Why not work your way up?
Maybe it is insulting even to suggest.
But is it time to say, “Enough sitting around, quit waiting for the politicians (even in this election year) and take that entry- level job?”
As a food server, to put it bluntly. At or near minimum wage. Or behind a retail counter. Child care, building maintenance or driving an 18-wheeler could also be a start.
No need to say it, you didn't go to college for this.
You came out with a diploma, a debt, and reasonable expectations: to start earning the lifetime $190,000-plus to which completion of four years of higher education is supposed to reward somebody, compared to the kid for whom high school was enough. And here you're being told to respond to an “apply within” sign at a fast-fooder.
No politician is advising that, for sure. He'd be scared at an opponent (or worse, the news media) telling the world Rep. Dimbrain's big solution to unemployment: “Go flip burgers.”
A parent might urge it. But what do parents know about the peer pressures to find a meaningful “career path”?
And yet the U.S. economy has some 3 million unfilled jobs right now (almost any time, in fact). Some are highly technical, some dirty and sweaty, and some geographically remote (can you imagine oil-rich North Dakota with the lowest jobless rate in the country?) but many are only a short bus ride away. At the entry level, however.
Organized labor hasn't done enough to insist on the dignity of such work. “Deadend jobs,” they're too often called.
But many a career lesson, and life lesson, can be learned on the bottom rung, even by scholars shocked to find the marketplace not clamoring right now for A's in history or English lit. But a knack for selling women's or children's clothing, yes. Or to fix cars or clear sink drains. Or to smile and say, “Good morning” and “Thanks” at a restaurant counter. Or, most important of all, to show up for work on time the next day and the days thereafter. Such habits lead to promotions and ways out of dead ends.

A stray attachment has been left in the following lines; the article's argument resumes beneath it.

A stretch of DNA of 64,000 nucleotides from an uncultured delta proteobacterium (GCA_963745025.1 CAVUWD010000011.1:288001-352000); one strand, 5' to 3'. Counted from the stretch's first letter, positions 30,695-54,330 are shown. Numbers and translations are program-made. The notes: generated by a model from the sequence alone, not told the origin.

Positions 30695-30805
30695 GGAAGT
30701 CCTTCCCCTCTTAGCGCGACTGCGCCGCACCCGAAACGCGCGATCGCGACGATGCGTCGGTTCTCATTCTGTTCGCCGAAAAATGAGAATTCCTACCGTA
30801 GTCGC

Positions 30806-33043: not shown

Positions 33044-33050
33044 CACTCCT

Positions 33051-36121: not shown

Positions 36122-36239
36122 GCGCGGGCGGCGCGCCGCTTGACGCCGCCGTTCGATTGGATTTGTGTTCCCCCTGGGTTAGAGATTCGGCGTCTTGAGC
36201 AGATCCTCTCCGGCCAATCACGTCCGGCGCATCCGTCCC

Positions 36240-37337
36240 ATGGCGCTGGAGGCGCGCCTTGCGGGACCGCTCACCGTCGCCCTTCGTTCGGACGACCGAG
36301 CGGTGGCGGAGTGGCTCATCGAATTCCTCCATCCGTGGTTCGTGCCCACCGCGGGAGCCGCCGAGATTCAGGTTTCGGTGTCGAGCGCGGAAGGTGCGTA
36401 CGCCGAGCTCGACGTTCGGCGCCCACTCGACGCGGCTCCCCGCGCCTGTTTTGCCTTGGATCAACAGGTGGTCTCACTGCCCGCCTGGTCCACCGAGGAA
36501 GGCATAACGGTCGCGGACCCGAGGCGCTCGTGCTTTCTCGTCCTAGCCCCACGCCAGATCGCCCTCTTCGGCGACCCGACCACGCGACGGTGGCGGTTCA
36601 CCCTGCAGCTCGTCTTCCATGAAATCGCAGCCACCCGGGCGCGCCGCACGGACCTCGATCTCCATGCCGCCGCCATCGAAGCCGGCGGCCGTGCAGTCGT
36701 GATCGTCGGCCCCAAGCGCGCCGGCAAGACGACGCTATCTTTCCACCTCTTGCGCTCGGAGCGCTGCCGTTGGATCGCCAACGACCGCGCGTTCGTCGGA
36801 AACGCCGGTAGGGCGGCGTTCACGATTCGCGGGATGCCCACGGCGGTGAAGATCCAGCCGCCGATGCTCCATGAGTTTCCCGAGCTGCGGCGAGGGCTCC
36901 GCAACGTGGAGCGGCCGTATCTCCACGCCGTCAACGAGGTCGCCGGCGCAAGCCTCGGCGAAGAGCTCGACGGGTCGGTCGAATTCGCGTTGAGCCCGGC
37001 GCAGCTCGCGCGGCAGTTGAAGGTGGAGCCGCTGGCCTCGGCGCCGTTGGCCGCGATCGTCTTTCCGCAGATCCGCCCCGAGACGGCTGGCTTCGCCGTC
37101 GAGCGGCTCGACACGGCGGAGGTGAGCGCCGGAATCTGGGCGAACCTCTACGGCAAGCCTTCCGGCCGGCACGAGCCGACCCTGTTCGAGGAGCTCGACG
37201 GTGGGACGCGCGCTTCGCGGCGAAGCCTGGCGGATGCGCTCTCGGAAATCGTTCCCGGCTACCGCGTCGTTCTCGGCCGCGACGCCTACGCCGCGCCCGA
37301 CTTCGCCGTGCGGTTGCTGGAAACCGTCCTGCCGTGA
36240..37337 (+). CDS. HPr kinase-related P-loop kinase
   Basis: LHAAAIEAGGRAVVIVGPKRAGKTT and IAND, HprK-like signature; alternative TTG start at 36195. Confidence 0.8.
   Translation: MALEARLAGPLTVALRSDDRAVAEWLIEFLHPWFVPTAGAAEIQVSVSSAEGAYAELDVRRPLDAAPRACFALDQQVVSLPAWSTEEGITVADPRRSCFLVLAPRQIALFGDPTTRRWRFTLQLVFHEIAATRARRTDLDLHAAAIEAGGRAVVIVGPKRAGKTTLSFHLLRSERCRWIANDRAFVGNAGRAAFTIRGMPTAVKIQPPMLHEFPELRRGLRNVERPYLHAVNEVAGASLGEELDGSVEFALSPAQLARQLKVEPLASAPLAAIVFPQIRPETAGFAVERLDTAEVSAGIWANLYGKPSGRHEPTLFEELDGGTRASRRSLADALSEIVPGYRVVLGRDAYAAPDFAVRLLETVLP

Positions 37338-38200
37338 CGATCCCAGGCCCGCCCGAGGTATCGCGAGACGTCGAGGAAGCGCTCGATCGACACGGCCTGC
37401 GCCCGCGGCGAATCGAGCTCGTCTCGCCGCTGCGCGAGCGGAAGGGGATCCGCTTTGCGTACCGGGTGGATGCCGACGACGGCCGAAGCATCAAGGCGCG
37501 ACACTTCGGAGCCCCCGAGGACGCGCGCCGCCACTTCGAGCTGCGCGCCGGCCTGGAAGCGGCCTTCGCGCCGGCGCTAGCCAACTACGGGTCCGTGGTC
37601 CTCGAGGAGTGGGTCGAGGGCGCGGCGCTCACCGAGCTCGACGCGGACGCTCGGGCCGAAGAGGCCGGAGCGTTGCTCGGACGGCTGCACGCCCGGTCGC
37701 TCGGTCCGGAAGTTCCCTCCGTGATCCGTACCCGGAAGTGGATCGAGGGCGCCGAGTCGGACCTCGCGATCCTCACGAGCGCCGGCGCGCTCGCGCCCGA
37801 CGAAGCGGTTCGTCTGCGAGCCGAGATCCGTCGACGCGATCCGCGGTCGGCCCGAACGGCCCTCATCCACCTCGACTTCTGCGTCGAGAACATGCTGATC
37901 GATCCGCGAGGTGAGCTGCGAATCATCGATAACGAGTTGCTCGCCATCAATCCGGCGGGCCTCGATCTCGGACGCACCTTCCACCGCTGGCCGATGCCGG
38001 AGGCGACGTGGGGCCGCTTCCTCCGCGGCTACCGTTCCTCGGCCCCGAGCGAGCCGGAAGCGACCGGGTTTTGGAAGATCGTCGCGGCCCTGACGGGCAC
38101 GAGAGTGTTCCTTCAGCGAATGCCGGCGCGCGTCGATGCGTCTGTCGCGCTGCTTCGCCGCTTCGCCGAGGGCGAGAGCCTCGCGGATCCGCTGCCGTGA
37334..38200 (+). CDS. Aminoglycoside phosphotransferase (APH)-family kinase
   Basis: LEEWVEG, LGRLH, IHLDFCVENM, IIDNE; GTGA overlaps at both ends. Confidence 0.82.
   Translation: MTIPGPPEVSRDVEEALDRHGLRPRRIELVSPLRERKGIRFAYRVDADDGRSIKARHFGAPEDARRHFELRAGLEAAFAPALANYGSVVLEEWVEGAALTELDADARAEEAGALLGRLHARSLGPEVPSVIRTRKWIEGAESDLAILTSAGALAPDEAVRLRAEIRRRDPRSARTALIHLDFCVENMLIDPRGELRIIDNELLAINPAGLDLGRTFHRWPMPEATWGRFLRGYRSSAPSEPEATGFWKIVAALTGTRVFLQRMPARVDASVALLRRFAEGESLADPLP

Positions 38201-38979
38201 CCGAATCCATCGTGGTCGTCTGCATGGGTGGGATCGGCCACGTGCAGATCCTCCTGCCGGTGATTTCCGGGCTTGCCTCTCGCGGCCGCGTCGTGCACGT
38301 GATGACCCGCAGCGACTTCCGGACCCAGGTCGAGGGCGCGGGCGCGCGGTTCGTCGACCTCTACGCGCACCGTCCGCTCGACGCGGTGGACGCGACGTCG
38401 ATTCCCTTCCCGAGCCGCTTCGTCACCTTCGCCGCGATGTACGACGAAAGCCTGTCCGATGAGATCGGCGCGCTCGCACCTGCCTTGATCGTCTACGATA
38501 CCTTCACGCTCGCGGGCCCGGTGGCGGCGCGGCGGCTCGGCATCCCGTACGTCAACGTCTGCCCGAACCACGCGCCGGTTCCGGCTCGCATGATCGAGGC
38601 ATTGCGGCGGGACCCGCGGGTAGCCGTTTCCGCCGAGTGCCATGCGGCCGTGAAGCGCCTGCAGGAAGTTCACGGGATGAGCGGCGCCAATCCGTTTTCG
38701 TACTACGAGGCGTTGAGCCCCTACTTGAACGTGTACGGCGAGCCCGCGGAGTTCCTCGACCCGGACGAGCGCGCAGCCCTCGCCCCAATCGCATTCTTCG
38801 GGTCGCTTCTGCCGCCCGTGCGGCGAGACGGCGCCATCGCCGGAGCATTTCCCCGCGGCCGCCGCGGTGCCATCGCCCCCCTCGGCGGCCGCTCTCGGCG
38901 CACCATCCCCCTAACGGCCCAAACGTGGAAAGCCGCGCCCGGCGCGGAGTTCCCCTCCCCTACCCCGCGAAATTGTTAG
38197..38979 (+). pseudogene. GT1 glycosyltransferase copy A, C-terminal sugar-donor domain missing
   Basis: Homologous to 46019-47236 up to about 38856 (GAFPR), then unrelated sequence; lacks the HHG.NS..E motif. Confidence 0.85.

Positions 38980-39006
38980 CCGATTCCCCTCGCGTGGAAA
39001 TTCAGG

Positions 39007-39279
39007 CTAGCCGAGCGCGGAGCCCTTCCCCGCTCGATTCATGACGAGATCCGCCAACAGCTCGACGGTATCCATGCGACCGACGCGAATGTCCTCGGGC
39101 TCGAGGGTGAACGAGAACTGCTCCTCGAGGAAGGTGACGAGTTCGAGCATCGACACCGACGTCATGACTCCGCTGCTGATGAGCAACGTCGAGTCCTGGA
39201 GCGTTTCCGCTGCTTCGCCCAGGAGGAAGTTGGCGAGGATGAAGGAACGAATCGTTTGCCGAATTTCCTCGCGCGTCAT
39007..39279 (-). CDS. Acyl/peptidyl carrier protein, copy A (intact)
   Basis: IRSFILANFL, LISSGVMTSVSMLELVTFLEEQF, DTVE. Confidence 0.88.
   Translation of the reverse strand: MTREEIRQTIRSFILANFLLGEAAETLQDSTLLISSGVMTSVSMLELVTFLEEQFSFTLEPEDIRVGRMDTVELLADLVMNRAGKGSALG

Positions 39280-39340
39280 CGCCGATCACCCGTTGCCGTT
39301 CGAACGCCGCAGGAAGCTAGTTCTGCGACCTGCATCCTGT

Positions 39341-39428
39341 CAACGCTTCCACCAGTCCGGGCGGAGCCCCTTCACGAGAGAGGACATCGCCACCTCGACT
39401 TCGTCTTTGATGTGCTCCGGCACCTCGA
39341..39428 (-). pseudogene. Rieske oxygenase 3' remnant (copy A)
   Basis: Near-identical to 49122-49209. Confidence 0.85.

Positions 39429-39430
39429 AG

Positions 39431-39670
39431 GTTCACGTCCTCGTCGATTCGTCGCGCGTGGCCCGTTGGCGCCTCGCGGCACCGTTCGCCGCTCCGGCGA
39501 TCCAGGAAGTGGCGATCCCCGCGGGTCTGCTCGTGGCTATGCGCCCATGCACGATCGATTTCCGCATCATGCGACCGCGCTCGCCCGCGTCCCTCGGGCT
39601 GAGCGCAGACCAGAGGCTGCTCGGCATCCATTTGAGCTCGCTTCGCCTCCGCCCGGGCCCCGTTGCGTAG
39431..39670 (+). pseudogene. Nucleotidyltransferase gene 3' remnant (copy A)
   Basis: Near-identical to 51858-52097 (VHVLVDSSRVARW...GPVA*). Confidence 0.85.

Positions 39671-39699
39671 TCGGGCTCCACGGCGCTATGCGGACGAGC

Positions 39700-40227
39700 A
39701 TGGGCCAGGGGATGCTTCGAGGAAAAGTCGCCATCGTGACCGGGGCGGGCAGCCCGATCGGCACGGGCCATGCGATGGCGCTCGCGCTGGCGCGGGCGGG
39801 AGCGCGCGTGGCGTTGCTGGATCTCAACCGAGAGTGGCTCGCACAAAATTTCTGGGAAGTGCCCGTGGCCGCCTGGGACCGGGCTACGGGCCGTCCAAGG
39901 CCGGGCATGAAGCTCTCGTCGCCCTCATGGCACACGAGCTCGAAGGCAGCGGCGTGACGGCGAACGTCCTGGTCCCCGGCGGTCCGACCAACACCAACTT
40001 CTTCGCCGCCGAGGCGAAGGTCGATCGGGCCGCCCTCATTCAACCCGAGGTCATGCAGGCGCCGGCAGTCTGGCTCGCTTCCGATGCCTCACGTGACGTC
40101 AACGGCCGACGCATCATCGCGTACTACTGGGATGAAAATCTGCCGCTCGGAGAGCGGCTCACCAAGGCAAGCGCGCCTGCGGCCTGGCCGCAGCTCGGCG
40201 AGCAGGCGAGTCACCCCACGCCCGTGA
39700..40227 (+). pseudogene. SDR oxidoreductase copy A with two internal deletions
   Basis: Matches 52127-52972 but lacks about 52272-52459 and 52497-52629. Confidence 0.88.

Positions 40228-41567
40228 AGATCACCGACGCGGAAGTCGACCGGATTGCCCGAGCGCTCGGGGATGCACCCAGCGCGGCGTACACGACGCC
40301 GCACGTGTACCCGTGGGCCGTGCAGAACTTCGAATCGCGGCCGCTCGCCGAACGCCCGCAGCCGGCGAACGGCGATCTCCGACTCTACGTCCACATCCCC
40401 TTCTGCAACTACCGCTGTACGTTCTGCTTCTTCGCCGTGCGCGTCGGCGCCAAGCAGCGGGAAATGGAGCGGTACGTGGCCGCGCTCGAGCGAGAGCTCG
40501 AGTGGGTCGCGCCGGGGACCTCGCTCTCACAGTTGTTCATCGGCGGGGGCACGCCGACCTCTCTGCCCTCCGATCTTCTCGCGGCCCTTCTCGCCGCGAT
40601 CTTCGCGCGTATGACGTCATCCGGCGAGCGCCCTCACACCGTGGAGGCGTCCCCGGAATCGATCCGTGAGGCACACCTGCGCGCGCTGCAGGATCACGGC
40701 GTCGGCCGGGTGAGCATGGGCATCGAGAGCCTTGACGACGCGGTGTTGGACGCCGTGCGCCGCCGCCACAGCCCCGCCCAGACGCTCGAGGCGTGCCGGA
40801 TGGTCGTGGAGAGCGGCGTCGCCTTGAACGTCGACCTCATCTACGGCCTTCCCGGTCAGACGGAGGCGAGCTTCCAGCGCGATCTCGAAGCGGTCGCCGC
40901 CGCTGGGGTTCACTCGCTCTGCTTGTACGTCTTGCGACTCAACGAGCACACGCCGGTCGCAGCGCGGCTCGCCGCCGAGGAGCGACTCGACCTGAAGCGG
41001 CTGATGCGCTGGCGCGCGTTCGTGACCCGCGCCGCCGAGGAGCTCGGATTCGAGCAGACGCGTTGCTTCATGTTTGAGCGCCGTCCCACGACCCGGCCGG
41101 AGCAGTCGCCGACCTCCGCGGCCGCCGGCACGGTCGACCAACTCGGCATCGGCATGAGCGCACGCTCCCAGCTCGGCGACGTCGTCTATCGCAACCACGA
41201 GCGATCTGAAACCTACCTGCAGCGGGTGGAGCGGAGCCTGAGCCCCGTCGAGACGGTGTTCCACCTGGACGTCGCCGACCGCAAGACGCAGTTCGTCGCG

How many corporate board chairmen love to reminisce about carrying newspapers as a boy, mowing lawns, or checking tires at a gas station? And what lady executive in fashion, publishing or high-tech didn't get her first job experience baby-sitting?
Statistics are scarce, but observation suggests that some older people behind food counters nowadays, managers and shift supervisors, were in other careers before. They got laid off and switched to something that could bring in a buck. Good for them. That's how job markets are supposed to work. The economy may not be crying for sociologists but it needs long-distance truckers (100,000 of them as it happens).
A recent study out of Rutgers University indicates almost half of recent college grads aren't finding work in this economy. A million or more young people's diplomas haven't paid off (yet). Many seem to have quit looking. Since January 2009, labor force participation among college graduates has dropped from 77.6 percent to 75.5 percent.
So does this mean we need more government stimulus to create the “good jobs” all politicians try to put in your head when they say “jobs”?
Or is the country simply turning out (and paying and borrowing for) more diplomas than we need?
Or is that age-old, low-paid entry level the surest job creator of them all?